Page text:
Richard Murphy’s Journey to Yes

Richard Murphy is a political economist. You  might have come across his blog TaxResearchUK which is much, much more interesting reading than you might guess from it’s title! For example “It’s time the BBC learned that all money is made out of thin air.” and “Has Carney taken leave of his sense?” Carney being the Chairman of the Bank of England.

Recently he wrote about the inadequacies of the GERS (Governement Expenditure & Revenue Scotland) figures. If you read my blog you’ll have spotted me trying to makes me sense of them and what they say about the Scottish economy. According to Richard, I shouldn’t waste my time as they are not fit for purpose. Or to be more precise not fit if your purpose is to make sense of the Scottish economy. On the other hand if your purpose is to obfuscate the likely state of an independent Scottish economy, they do an admirable job. He has written several posts about GERS, for example “Why economic data provided by London will not help the Scottish independence debate” and  “More on Why GERS might properly be called crap data” .

In this video he talks about he see sees leaving the UK as the only way for Scotland to reach its full economic and human potential.  The prize is a better Scotland. He takes about the economic forces powering the Yes movement, he dismantles the case for GERS and looks at the key issues of currency, investment and taxation that must be addressed to win the independence argument. Worth a listen….

Journey to Yes

In 2014 we Scots voted in a referendum. Either Yes! we wanted Scotland to be an independent nation once more after more than 300 years of political union with England. Or No, we wanted to remain in that union. At the beginning of the campaign opinion polls showed a Yes vote at about 25%. By 14 Sept 2014 the day of the vote it was 45%. That’s a big increase. But not a big enough increase. 

Since then the promises made to us by the Unionist politicians to get us to vote No have mostly been shown to be empty. In particular the No campaign took a strong line over EU: the only way to be sure of remaining in the EU was to stay in the Union; an independent Scotland wouldn’t be able to join the EU; Spain would veto us; we’d be out in the economic cold. Aye, right. It was not correct then and it sure as hell isn’t right now after England voted to leave the EU last June. Scotland voted to remain by 62% : 38%. That isn’t important apparently and we should just be quiet and let our kindly Westminster Government get on with sorting things out for us.

Not surprisingly, some people who supported the No campaign in 2014 have shifted their view and now support Yes. Here are some videos made by Phantom Power which tell the stories of those Journeys to Yes.



Electoral Calculus

I really like the Electoral Calculus website. It follows opinion polls and comes up with overall election predictions but also seat by seat predictions. It’s run by Martin Baxter. More about him here.

His current UK prediction is for a Tory majority of 74 seats. If she gets that, Mrs May will no doubt think it was worth all the stresses, strains, insults, lapses of memory, innumerable speeches to sparse hand-picked audiences, missed debates, etc etc and including the wee dash up to Crathes in Aberdeenshire to the local community centre where the event had been booked as a children’s party.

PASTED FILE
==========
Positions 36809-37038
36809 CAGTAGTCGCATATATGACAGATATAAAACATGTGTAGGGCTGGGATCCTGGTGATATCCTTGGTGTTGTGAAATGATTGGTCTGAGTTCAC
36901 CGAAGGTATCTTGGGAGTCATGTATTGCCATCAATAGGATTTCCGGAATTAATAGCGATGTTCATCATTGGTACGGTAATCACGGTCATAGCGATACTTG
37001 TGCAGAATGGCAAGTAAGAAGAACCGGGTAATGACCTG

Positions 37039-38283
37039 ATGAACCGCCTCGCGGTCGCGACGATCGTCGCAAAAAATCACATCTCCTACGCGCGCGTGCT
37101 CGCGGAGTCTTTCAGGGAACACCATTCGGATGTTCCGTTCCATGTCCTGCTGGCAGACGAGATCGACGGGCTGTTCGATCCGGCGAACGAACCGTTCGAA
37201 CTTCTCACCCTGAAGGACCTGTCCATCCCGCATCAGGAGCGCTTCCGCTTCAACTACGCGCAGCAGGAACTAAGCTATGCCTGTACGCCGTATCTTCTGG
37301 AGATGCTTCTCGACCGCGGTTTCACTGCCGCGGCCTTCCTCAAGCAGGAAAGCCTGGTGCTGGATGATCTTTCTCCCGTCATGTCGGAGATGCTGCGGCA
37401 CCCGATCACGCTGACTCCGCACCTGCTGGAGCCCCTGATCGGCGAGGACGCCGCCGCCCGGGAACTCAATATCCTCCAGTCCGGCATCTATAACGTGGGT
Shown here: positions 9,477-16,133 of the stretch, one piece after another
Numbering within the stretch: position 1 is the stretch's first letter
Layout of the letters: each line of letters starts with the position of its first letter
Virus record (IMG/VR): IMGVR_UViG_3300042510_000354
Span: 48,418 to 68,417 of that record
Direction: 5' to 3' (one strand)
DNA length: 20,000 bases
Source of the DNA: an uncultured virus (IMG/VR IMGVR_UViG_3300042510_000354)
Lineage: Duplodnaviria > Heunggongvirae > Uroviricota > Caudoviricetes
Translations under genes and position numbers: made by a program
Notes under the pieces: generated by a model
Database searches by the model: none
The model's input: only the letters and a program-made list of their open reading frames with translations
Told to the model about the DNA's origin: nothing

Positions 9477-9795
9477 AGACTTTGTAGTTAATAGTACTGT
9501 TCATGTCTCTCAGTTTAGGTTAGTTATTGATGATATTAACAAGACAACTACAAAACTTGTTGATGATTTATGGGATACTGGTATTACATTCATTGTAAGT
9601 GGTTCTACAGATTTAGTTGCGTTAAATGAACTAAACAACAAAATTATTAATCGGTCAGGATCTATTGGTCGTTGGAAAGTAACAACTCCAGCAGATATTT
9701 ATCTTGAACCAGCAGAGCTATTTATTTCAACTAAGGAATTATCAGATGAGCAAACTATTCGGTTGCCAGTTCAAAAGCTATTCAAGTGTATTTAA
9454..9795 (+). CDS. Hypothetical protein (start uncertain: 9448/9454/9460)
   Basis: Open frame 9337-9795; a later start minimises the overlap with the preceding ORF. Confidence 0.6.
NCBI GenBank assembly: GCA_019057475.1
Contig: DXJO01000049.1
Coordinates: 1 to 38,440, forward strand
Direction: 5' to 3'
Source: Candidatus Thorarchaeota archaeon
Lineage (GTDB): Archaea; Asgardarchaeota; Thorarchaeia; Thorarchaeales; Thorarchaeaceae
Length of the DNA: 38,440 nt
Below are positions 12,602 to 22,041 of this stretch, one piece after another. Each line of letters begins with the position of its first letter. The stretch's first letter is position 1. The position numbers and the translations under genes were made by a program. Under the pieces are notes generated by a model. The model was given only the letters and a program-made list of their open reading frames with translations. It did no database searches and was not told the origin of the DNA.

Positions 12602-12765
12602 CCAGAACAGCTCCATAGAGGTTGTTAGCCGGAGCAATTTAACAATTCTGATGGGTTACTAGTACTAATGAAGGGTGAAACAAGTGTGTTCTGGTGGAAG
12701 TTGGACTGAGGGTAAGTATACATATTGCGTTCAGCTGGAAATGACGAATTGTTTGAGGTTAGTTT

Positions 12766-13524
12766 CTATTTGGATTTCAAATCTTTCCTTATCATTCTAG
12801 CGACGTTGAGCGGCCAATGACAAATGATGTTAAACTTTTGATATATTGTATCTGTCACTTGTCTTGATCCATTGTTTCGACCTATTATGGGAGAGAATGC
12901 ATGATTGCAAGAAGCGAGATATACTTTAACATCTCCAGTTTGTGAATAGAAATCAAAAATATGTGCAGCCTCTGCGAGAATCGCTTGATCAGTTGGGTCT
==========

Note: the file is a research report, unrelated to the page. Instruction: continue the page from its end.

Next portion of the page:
Current prediction for Scotland is an SNP majority of 41, i.e. 50 seats out of 59, which is six down on their currently held seats.

I don’t agree with the Scottish prediction. I know Angus Robertson is vulnerable to the Tories but I think his well deserved reputation and standing at Westminster as the leader of the SNP group will help him hold on. I hope the same happens in Perth for Pete Wishart. Oh and I so hope that we manage to get rid of Fluffy Mundell from Dumfriesshire. Also I’m not sure that this prediction takes into account the latest polling which has Labour and Tory at 25% each in Scotland. That will help SNP if it’s maintained.

Fingers crossed!!!

Tory Graphics Go Haywire


I was looking at a bit of Tory election campaign bumff that came through our door. It was the same as the one above except that it had the name and photo of the Tory candidate in my constituency. Now that’s fair enough. It makes sense to have a central campaigning theme with your local candidate added. You’ll see that it has the claim that “Labour and LibDems are now too weak to stand up to the SNP”. On the reverse it said “Tory Revival on Course to Foil Independence.” That’s standard for this Scottish Tory campaign – they are the champions of the Union holding their ground against hordes of divisive Nationalists. 

Now I usually just bin anything from the Conservatives immediately but the graphic which supposedly showed a Panelbase poll result from April to back up that first claim seemed a bit off to me. So I redrew the actual poll figures and compared them with the Tory leaflet version by measuring the height of the columns on the leaflet. The blue columns show the real spread of support as reported in the Panelbase poll and the green columns are what the Tories would have us see : the results are skewed to exaggerate the position of both SNP and Tory whilst under-representing Labour and LibDems. Now Labour is weak and LibDems are showing no signs of recovery but they’re not this weak!! 


The Electoral Commission have powers to oversee fair play in UK election. They have a section on making complaints but it says they don’t have authority over election campaign content : 

Political advertising or campaign election material:

We frequently receive complaints about political advertising or campaign material and the behaviour of candidates, especially in the period before an election. These are not within the scope of the complaints policy and will be referred to our Public Information Team.

While we have regulatory duties relating to campaign spending, including in relation to political advertising/election material, we have very few powers to deal with the content of material published by candidates and parties, or their general conduct. In most cases we will not be able to deal with such complaints, which should instead be made directly to the party or candidate responsible for the material.

So there didn’t seem much point in contacting them.  Instead I sent emails to the four candidates standing in my constituency containing a copy of the graph comparisons. Well I tried to. The email address given for my LibDems candidate returned undeliverable – which is about the same as his chances of being elected. The Tory candidate hasn’t replied – which is maybe to be expected. I did come clean and tell him that I was never going to vote for him anyway.